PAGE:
# Measuring PIC Vdd with no external components using the FVR

Microchip’s Application Note AN1333 hints at a useful technique for measuring the Vdd of a PIC using only the internal Fixed Voltage Reference (FVR) module.

For unregulated applications, the supply voltage can be determined from a conversion of the internal fixed voltage reference

During operation, the supply voltage can be determined by performing an analog to digital conversion of the fixed voltage reference

After reading the two quotes above I spent an evening working out the technique on a PIC 18F25K22. I then read the original paper more thoroughly and found the link to Application Note AN1072 which explains how it works on PICs with a 0.6V or 1.2V reference. These are less common now and have been replaced with the FVR module which supports 1.024V, 2.048V or 4.096V outputs.

## Why is this useful?

It is often useful to know the supply voltage of a microcontroller for applications such as determining battery voltage or using the in-built temperature indication circuit.

Typical approaches for measuring Vdd use an external resistor divider and a single analogue input.  This takes up a valuable port pin (especially on 8 pin devices) and still requires use of the FVR module or an external reference to ensure it yields accurate results.  Some (small) amount of current also flows through this divider at all times which might be a problem for long life battery powered devices.  In addition you can save on PCB space and routing for the two tiny SMD resistors!

Using the FVR module, which can be disabled when not in use, offers a low power alternative with no external components.

## What PICs does it work on

The Microchip parametric search shows over 40 PICs that include a bandgap reference.  Among these are the 12F1822 and 12F1840, 18F parts with K or J in the name and some 16F parts.

Crucially it requires a microcontroller with a fixed voltage reference.  References which depend on Vdd - called ratiometric references - are not suitable as there is no known voltage anywhere in the system.

## How it works

In order to calculate our unknown Vdd we need a known value to compare it against, which the Fixed Voltage Reference (FVR) module provides.  Normally the FVR would supply a stable reference voltage for the ADC, but close inspection of the datasheet shows that it can also be used as an input.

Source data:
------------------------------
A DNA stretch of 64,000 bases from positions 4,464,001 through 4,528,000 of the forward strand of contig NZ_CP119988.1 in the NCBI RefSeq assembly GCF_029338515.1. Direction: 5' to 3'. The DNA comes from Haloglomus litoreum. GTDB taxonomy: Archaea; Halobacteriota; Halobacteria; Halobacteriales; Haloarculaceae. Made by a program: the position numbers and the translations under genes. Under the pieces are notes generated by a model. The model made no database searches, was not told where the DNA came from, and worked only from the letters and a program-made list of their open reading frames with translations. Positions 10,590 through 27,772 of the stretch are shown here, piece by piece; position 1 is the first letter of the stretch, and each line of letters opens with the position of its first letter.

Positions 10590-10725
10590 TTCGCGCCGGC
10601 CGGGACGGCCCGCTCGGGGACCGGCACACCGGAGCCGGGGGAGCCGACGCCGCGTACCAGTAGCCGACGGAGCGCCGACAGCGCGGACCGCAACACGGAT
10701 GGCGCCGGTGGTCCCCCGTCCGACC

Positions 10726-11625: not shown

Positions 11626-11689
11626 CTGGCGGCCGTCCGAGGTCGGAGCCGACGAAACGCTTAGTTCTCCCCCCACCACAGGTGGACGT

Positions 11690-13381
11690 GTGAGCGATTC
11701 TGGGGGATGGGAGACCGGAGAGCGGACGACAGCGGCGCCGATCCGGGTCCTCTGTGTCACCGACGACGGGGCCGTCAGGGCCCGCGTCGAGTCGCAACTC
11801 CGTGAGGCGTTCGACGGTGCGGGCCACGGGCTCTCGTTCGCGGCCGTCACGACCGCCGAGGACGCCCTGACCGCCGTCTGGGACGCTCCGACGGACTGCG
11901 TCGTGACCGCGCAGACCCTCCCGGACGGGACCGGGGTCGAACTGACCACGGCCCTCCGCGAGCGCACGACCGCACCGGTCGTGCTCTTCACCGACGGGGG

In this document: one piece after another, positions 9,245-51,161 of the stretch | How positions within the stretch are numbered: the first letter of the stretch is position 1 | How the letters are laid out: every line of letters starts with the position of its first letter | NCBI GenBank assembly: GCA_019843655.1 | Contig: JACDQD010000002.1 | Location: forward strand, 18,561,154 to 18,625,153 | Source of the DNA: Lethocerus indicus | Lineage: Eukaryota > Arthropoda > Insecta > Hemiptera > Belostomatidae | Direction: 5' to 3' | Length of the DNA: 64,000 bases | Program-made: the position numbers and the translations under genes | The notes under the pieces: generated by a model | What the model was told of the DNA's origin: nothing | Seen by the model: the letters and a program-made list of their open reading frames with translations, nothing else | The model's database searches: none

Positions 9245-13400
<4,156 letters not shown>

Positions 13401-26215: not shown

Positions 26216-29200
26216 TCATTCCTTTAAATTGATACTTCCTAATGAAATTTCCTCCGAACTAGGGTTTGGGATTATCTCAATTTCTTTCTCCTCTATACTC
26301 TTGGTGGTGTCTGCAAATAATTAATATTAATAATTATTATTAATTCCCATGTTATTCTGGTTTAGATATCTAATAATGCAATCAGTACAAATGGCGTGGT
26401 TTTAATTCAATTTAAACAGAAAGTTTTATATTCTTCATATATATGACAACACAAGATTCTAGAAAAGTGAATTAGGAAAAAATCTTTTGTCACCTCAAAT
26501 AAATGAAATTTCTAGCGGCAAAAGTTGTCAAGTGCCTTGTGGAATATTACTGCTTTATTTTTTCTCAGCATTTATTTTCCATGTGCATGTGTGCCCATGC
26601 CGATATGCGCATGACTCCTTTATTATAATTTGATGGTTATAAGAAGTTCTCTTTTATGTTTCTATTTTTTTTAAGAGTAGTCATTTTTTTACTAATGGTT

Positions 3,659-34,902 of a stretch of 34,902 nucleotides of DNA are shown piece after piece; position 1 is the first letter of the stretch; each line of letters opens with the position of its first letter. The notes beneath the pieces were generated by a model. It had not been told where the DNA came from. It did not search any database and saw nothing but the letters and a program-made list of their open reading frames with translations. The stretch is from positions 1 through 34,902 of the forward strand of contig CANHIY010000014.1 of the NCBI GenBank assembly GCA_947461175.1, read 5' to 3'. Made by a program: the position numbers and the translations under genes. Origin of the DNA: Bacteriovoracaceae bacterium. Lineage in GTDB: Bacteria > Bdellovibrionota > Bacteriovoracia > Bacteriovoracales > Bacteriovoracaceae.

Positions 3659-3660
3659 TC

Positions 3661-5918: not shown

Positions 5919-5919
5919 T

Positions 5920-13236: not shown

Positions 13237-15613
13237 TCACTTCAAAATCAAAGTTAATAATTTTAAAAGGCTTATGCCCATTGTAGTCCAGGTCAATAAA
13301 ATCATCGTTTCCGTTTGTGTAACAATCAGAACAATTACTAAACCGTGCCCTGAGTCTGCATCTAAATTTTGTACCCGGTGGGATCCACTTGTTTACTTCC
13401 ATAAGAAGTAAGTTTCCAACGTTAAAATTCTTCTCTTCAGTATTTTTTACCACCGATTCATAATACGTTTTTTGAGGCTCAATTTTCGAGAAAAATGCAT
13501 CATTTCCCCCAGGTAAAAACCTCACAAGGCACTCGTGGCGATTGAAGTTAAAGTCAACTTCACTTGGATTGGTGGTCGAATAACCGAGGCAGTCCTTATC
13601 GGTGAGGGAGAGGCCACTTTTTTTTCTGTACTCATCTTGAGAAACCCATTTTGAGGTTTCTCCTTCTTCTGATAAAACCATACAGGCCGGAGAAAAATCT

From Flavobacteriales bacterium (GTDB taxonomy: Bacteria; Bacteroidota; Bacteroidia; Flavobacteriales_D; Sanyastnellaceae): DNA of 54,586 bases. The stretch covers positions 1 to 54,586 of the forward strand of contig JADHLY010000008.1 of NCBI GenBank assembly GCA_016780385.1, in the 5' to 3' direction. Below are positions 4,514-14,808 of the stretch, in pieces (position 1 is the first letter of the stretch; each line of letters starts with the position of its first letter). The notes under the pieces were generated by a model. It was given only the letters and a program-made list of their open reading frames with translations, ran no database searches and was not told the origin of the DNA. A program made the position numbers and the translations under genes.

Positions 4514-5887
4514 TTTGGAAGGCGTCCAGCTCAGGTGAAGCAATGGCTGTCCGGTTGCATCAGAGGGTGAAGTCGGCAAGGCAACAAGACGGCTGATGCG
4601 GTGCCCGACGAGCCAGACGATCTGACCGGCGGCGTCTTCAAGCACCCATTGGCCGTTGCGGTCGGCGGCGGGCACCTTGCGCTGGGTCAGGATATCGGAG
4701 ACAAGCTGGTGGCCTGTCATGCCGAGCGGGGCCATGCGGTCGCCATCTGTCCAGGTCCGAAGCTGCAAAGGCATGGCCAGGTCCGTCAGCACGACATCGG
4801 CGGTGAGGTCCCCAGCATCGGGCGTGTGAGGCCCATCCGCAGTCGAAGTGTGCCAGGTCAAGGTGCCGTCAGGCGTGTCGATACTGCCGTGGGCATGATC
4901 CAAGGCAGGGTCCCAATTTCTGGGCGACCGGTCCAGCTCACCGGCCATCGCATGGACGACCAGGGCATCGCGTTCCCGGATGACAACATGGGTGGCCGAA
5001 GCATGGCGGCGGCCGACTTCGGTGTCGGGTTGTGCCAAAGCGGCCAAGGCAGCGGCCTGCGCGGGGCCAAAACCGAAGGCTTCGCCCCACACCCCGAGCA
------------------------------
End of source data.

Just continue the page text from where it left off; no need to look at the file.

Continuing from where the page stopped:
If the FVR buffer is selected by setting CHS to 0b11111 and Vdd is the positive reference, the ADC module will return a measurement of the fixed 1.024v.  This will vary depending on the value of Vdd and allows calculation of the top end of the ADC scale, which will correspond with Vdd:

$$V_{\text{DD}} = \frac{2^{10}}{\text{Val}_{\text{ADC}}} \times V_{\text{FVR}}$$

Therefore:

$$V_{\text{DD}} = \frac{1024}{\text{Val}_{\text{ADC}}} \times 1.024$$

Note that whilst other registers may change, the ADC input setting of 0b11111 is the same for all devices.

## PIC register setup

The code below uses Microchip’s XC8 register names and is designed for a PIC 18F25K22. A few changes may be required for other parts.

VREFCON0bits.FVRS = 0b01;   // Internal 1.024v ref
FVREN = 1;                  // Enable FVR module
while(!FVRST);              // Wait for FVR to be stable

ADCON1bits.PVCFG = 0b00;    // Positive ref is Vdd (default)
ADCON1bits.NVCFG = 0b00;    // Negative ref is GND (default)
ADCON0bits.ADON = 1;        // Turn on ADC module

## Taking a measurement

Measuring the FVR is no different to any other usage of the ADC module, but the code below is included for completeness.

int adc_val = 0;

ADCON0bits.GO = 1;          // Start a conversion
while (!ADCON0bits.DONE);   // Wait for it to be completed

adc_val |= ADRESL;

## Calculating Vdd (floating point)

Using floating point math provides the most accurate results but requires a lot of code space for the required libraries. The equation above can be implemented in XC8 like so:

float vdd = (1024.0 / adc_val) * 1.024;

This returns a value in volts, but might use a large portion of your ROM space!

## Calculating Vdd (integer maths)